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Is infertility the new closet?

Recent news of Elton John’s surrogate baby, Nicole Kidman’s “gestational carrier”, and Kelly Preston’s introduction of her new baby seems to have the media and bloggers alike all a-flutter about the current state of fertility options and infertility treatments. 

What I’d really like to say to everyone is “leave them alone!”   But, clearly that isn’t going to happen anytime soon.  

I fear that all of the scrutiny and judgment and crazy theories about these celebrities will only serve to make fertility treatments even more secretive.  After all, what celebrity wants to deal with the blogging and tabloid world spreading rumors and gossip about the genetics of your child, why you used a surrogate, or anything else about the blessing that is a child coming into their family? 

Yes, I realize that some people want celebrities to come clean about how their children were conceived.  And yes, it may serve to normalize the use of surrogates and egg donors – much like it is now “no big deal” for someone to use donor sperm.   But I don’t think anyone should be forced out of the fertility “closet” so to speak.  

Of course, the danger is that young women will see these mothers in their mid to late 40s having children, and they might think that they too can wait that long.   And while it is possible in your 40s to get pregnant naturally or through IVF with your own eggs, it is much, much harder and the risks of issues due to egg quality are certainly higher.   But really, is it the celebrities job to educate the public?   Why aren’t the OB/GYNs or fertility clinics talking to their patients and doing PSAs to let women know how dramatically fertility declines after your 20s and early 30s?  

And on the subject of using surrogates – the phrase “gestational carrier” is not de-humanizing the surrogate.   It is part of the accepted language to describe a particular type of surrogacy.   It can be used interchangably with “gestational surrogate” and describes a surrogate who has no genetic link to the child, she is simply carrying the child for the parents.   Clearly, we have a long way to go in the fertility world when it comes to educating the public about the proper language to use related to fertility.   And by the way, a gestational surrogate is not the child’s mother; nor is an egg donor any kind of “mother” (genetic or otherwise) to the child that comes from her donation; nor is a sperm donor a “father”.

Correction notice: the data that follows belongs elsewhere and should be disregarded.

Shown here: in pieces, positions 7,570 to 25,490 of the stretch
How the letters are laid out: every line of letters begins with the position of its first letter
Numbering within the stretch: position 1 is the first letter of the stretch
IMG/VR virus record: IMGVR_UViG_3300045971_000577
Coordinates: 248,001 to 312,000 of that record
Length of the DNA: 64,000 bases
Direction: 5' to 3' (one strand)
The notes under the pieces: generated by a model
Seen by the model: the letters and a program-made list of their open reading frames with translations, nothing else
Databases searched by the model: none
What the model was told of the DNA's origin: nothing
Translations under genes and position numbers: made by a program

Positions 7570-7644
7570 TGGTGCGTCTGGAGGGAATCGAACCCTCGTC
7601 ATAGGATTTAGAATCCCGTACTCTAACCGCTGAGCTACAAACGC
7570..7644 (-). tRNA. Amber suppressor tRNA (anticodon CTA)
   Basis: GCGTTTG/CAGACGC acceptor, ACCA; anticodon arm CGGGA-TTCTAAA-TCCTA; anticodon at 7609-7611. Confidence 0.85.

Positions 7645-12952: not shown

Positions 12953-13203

While any pregnancy of a woman in her 40s generally has people wondering….donor eggs?  I always try to remind people that lots of babies are born these days from frozen embryos created several (or many) years ago.  And as egg freezing technology becomes better, it too will offer options for women to prolong their fertility.  

Really, what does it matter if someone uses an egg donor or not?  It is about as important as it is for the world to know what sex.ual position someone was in when their child was conceived.   File it under “none of your darn business”.

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One Response to Is infertility the new closet?

  1. While I agree that how one’s child is conceived isn’t anyone else’s business, there is no getting around the fact that celebrities are the royalty of our country. When one decides to use their celebrity for good, good follows. I liken it to the gay celebrities and athletes who courageously came out in the 80’s and early 90’s when it was unpopular and perhaps career ending to do so. However, they put a face to a completely misunderstood and maligned orientation and paved the way for a younger generation of gay people to see someone who was like them and be able to stand in their truth and lead an authentic life from a much earlier age. And look how far we’ve come.

    Until we treat infertility like the disease it is and bring it to the forefront, it can’t get the attention it needs. And, attention is what brings about change and funding, hopefully like mandatory infertility health coverage. I see it as something that needs to be de-stigmatized and like it or not, celebrities have the power to do it.